An enormous emotion beat on him; it was like something trying to get in; the pressure of gigantic wings against the glass. Dona nobis pacem. He withstood it, with all the bitter force of the school bench, the cement playground, the St. Pancras waiting-room, Dallow’s and Judy’s secret lust, and the cold unhappy moment on the pier. If the glass broke, if the beast—whatever it was—got in, God knows what it would do. He had a sense of huge havoc—the confession, the penance and the sacrament—and awful distraction, and he drove blind into the rain.
She smelt of soap and wine: comfort and peace and a slow sleepy physical enjoyment, a touch of the nursery and the mother, stole from the big
tipsy mouth, the magnificent breasts and legs, and reached Hale's withered and frightened and bitter little brain.
She came out of the crematorium, and there from the twin towers above her head fumed the very last of Fred, a thin stream of grey smoke from the ovens. People passing up the flowery suburban road looked up and noted the smoke; it had been a busy day at the furnaces. Fred dropped in indistinguishable grey ash on the pink blossoms: he became part of the smoke nuisance over London, and Ida wept.
“Of course it’s true,” the Boy said. “What else could there be?” he went scornfully on. “Why,” he said, “it’s the only thing that fits. These atheists, they don’t know nothing. Of course there’s Hell. Flames and damnation,” he said with his eyes on the dark shifting water and the lightning and the lamps going out above the black struts of the Palace Pier, “torments.”
“And Heaven too,” Rose said with anxiety while the rain fell interminably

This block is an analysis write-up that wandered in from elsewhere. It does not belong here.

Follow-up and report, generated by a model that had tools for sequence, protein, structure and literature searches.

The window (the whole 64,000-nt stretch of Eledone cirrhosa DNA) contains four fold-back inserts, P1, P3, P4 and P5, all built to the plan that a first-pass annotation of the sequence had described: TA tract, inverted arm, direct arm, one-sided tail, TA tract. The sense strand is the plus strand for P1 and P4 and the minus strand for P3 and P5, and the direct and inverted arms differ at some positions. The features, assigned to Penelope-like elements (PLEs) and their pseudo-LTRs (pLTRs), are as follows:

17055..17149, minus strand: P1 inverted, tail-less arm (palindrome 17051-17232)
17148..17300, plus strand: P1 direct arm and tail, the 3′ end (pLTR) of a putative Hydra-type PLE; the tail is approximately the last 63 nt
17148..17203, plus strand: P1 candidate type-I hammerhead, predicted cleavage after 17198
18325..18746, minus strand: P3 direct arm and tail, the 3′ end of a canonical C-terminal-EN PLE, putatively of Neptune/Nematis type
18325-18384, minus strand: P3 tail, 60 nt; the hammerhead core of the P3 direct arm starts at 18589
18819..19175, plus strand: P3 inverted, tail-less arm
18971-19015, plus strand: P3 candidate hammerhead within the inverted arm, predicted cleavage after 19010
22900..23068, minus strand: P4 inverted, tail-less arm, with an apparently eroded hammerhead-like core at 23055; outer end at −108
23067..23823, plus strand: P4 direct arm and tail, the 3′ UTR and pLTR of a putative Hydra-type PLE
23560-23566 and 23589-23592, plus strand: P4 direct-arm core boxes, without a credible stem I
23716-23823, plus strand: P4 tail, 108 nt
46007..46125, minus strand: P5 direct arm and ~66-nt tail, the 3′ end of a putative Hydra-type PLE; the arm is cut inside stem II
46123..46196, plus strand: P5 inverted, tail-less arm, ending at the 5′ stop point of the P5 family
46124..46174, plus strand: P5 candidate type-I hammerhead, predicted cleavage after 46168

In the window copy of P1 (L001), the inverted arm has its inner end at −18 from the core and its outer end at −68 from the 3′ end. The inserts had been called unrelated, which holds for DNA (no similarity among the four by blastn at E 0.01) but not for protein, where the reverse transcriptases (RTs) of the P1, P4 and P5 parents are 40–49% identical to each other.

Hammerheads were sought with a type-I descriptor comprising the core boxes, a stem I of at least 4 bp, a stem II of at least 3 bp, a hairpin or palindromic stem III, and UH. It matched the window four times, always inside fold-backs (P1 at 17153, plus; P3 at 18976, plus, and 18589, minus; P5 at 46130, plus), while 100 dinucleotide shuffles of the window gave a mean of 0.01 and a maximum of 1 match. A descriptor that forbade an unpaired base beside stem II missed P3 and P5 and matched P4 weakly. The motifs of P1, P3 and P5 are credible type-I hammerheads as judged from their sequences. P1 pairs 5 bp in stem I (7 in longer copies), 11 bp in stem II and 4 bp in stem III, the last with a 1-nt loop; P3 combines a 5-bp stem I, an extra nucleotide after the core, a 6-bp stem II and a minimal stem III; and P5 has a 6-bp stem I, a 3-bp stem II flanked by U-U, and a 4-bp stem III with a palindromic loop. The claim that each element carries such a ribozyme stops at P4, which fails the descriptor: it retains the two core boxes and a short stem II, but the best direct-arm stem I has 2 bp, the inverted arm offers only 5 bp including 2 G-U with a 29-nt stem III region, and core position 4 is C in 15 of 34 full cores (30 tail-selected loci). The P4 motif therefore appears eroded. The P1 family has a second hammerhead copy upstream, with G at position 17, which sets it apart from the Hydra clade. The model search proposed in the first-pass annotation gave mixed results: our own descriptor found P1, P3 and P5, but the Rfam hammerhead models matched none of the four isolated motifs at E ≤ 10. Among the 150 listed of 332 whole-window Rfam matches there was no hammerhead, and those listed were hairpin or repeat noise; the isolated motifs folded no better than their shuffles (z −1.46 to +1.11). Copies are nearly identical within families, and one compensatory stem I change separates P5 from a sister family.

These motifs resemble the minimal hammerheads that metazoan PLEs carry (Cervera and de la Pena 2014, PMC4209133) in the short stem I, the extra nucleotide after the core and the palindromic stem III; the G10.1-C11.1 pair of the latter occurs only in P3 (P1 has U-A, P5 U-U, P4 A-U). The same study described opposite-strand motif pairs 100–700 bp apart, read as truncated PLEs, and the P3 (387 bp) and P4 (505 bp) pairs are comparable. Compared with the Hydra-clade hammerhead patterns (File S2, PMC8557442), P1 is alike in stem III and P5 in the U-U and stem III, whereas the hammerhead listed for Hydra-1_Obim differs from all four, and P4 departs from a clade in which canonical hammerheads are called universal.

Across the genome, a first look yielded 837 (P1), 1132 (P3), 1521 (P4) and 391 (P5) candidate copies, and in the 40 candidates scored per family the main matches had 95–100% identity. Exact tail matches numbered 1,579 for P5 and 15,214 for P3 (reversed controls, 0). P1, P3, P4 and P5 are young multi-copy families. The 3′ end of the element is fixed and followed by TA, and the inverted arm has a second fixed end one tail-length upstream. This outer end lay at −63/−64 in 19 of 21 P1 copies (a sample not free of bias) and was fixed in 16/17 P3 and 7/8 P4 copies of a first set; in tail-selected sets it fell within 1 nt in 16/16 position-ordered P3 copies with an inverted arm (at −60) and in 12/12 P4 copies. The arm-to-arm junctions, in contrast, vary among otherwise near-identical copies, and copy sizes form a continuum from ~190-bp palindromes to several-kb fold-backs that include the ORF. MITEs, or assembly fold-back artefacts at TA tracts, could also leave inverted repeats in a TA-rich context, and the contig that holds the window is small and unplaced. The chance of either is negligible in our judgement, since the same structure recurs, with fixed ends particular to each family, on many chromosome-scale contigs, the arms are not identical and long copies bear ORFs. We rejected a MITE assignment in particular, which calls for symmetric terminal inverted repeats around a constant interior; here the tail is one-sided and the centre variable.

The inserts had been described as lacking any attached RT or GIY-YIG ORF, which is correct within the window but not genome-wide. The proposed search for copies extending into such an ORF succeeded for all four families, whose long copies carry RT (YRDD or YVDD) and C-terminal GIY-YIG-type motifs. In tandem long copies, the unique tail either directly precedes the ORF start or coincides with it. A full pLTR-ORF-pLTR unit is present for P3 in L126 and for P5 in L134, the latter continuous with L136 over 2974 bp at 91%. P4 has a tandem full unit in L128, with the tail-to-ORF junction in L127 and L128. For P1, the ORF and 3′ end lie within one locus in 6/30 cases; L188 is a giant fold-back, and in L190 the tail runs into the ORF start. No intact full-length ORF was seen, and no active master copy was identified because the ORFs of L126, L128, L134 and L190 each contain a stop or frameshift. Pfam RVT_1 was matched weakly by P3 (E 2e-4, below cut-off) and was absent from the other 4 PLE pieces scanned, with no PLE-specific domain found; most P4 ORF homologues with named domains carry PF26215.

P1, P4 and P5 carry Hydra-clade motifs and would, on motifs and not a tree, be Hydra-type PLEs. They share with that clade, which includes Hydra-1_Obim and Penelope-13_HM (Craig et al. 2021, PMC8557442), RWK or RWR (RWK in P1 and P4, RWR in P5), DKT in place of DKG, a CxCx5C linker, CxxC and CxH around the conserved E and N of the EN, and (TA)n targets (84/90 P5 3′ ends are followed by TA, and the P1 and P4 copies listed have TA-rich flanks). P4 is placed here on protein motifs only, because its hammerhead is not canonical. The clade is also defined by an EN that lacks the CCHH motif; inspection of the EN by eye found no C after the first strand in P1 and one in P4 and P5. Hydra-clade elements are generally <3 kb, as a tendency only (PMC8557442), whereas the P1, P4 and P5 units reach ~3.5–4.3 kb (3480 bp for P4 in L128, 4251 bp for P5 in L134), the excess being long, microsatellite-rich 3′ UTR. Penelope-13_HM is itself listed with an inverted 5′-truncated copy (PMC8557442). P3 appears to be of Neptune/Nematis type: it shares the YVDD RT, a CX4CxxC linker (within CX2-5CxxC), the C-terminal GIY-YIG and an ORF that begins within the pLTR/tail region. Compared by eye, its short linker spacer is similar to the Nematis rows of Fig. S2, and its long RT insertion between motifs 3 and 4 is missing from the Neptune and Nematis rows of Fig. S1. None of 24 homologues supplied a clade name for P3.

“Oh, maybe,” the Boy said, “maybe.”
He trailed the clouds of his own glory after him: hell lay about him in his infancy. He was ready for more deaths.
That was what happened to a man in the end: the stuffy room, the wakeful children, the Saturday night movements from the other bed. Was there no escape—anywhere—for anyone? It was worth murdering a world.
The shadow of her sixteen-year-old face shifted in the moonlight on the wall. “Right and wrong. That’s what she talks about. I’ve heard her at the table. Right and wrong. As if she knew.” She whispered with contempt, “Oh, she won't burn. She couldn’t burn if she tried.”
He stood back and watched Rose awkwardly sign—his temporal
safety in return for two immortalities of pain. He had no doubt whatever that this was mortal sin, and he was filled with a kind of gloomy hilarity and pride. He saw himself now as a full grown man for whom the angels wept.
Again he grinned: only the devil, he thought, could have made her answer that. She was good, but he’d got her like you got God in the Eucharist—in the guts. God couldn’t escape the evil mouth which chose to eat its own damnation.
Freedom again in the early sun, freedom from the silent prayers at the altar, from the awful demands made on you at the sanctuary rail. She had joined the other side now forever. The half-crown was like a medal for services rendered. People coming back from seven-thirty Mass, people on the way to eight-thirty Matins—she watched them in their dark clothes like a spy. She didn’t envy them and she didn’t despise them: they had their salvation and she had Pinkie and damnation.